Menino's bike plans

Today’s Globe features a front page, above the fold story about Mayor Menino’s plans to make Boston more bike friendly (titled “Pedal Pushing,” ugh. Did someone’s grandmother think up that headline?). It’s serendipitous timing since, as I was biking to work today I:  a) was nearly hit by some dude in a black two-door of some sort, who sped past me to get to the um, red light. Which was about 50 feet ahead. And b) was nearly hit by a white SUV of some sort, which swerved in front of me just over the BU bridge, in an apparently speedy race to get to the quiet neighborhoods of Brookline.  So now Boston's going to become a biking city?

Menino has big plans:

“A newly converted cyclist himself, Menino will announce today the hiring of a bike czar, former Olympic cyclist Nicole Freedman, and a first phase of improvements to include 250 new bike racks across Boston and an online map system.

In the next several years, Menino said, he plans to create a network of bike lanes on roads such as Massachusetts Avenue and Commonwealth Avenue in the Back Bay and the Fenway. Paths could also be constructed to connect the Emerald Necklace system of parks, and the mayor is looking at facilities like showers, bike storage areas, and automated bike rental systems that make wheels instantly available to anyone with a credit card.”

There’s more!

“Boston's planners also hope to address a major concern: About one-fourth of respondents to a 2005 Internet poll of area residents said they would ride to work more often if there were showers available.

Officials plan to encourage businesses to offer shower facilities, and will try to encourage local gyms to allow nonmembers to use their showers. The city is also considering coin-operated public showers.”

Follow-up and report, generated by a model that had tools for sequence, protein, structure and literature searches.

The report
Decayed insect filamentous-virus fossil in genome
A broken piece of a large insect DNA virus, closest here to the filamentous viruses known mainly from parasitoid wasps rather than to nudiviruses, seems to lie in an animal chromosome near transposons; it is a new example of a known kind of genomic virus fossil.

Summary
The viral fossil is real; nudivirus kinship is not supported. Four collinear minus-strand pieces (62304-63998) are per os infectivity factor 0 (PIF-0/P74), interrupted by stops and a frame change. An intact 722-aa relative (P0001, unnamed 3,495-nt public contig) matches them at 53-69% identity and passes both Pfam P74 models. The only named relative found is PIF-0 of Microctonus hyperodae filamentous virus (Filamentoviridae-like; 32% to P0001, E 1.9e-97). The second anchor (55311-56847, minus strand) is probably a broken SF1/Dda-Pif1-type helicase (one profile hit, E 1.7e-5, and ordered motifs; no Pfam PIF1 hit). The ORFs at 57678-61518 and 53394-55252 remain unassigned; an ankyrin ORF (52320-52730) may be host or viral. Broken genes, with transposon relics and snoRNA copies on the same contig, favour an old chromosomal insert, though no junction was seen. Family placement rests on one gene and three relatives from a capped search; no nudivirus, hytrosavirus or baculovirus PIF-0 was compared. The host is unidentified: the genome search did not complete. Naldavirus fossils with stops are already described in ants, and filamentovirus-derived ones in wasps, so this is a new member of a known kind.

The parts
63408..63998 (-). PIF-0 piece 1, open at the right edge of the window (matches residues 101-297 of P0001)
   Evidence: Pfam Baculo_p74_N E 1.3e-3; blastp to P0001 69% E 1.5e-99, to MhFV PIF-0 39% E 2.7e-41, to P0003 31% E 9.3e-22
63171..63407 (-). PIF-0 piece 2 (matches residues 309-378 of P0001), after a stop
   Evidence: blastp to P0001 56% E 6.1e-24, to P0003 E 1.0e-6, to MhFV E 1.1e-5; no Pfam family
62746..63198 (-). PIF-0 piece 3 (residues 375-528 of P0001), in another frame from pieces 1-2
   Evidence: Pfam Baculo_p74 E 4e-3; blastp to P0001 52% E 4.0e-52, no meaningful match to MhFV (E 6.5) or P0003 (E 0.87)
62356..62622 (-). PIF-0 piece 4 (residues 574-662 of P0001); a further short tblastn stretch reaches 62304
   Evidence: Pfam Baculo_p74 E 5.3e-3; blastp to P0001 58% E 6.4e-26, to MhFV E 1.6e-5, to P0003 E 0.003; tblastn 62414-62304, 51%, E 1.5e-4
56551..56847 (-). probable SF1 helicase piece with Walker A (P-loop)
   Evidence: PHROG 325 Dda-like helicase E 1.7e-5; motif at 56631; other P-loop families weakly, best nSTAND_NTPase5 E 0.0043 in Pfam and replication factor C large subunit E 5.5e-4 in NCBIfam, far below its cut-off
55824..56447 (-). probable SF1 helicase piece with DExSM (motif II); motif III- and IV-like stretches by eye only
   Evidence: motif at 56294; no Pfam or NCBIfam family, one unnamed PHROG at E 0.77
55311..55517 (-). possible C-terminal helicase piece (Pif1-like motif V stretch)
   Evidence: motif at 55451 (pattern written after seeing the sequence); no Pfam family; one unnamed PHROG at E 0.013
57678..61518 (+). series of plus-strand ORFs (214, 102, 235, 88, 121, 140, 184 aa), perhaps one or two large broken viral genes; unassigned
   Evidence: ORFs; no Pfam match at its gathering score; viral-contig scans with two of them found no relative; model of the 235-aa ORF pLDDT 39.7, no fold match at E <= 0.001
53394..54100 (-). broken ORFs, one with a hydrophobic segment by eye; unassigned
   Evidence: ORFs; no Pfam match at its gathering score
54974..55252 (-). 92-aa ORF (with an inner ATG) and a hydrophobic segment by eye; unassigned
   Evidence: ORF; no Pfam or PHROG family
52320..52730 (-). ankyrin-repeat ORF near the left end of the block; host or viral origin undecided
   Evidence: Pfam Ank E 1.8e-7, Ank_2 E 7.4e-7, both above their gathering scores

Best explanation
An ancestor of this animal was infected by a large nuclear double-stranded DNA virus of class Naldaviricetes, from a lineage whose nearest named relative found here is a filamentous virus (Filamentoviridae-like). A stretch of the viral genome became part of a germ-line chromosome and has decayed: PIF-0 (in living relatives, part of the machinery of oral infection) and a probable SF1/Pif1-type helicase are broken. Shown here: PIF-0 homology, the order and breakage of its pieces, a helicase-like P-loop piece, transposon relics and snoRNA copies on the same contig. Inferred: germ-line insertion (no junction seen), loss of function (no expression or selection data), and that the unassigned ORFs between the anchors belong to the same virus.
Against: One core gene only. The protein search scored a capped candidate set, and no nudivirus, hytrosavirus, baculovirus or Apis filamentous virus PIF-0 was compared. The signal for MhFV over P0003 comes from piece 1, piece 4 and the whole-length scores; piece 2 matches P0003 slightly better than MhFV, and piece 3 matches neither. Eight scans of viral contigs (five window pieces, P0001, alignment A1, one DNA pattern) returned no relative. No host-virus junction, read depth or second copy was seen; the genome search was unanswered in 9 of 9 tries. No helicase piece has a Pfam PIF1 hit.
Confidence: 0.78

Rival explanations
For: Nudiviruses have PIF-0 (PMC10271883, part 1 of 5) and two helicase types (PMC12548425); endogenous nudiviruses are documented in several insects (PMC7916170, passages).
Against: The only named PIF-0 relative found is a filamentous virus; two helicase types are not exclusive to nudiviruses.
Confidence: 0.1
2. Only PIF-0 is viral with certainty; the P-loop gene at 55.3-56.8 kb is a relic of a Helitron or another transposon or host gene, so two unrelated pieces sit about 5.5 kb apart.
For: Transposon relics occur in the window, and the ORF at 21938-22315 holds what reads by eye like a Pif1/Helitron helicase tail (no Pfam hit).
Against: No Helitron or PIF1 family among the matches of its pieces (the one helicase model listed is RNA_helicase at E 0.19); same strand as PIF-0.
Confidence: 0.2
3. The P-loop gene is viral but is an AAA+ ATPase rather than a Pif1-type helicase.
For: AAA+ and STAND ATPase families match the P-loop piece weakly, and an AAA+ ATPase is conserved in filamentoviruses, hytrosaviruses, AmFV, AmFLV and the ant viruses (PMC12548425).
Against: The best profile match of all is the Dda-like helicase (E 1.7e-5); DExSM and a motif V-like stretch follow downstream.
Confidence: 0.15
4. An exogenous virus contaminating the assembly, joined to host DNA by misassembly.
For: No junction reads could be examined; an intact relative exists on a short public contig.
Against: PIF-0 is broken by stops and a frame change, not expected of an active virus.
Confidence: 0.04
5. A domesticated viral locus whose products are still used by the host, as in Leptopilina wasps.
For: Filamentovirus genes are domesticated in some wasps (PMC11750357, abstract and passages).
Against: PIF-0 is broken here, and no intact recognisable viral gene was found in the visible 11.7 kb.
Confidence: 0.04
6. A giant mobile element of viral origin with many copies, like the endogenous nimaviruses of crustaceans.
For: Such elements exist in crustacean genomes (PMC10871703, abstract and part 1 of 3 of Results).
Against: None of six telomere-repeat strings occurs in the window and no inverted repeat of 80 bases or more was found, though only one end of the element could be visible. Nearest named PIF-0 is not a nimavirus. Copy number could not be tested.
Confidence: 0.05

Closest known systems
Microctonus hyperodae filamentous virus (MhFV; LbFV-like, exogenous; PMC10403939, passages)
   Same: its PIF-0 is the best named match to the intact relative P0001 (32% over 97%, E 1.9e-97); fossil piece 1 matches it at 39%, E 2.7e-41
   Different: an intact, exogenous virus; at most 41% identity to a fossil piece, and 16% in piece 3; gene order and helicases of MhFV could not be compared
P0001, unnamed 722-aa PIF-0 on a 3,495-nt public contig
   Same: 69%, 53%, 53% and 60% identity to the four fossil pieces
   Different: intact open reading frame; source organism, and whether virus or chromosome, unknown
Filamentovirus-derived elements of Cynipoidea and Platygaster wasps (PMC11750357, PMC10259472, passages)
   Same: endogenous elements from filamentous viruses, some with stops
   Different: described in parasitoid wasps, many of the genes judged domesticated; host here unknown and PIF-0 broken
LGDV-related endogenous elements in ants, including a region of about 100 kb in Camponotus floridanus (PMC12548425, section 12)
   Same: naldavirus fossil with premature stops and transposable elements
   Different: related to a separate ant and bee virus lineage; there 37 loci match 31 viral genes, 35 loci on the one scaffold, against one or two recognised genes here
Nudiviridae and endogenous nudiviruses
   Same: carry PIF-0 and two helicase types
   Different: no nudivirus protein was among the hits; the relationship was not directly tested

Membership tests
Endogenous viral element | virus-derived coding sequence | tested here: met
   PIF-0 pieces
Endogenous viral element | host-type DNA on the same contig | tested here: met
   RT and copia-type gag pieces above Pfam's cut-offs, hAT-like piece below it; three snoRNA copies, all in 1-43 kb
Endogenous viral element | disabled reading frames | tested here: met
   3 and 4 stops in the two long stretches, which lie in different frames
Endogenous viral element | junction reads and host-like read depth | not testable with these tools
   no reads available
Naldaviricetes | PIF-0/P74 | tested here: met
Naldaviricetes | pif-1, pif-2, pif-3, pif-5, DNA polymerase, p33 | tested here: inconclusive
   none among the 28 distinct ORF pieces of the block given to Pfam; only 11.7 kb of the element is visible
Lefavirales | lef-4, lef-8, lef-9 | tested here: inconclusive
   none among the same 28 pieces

That all sounds great, but what’s not discussed in the story is an epiphany I had after my frustrating ride to work today, is that there’s a massive problem with driver mentality.  The people that speed past bikers, or cut us off, or honk their horns, and give us dirty looks think of the road as their road. They think the road belongs to cars, and we bikers are permitted to use it occasionally, provided we stay out of the way, like polite road guests. There’s a reason those “Share the road” stickers are kicking around - those of us who choose to bike are tired of this mode of thinking. Menino’s bike lanes might give us a bit more space, and a shower here and there would be nice (gotta shed that whole smelly biker rep), but until Boston’s drivers are willing to be conscious of the fact that the road belongs to everyone, Boston’s spot at the top of worst biking city lists will hold firm. So, what's Menino's plan of attack for that?


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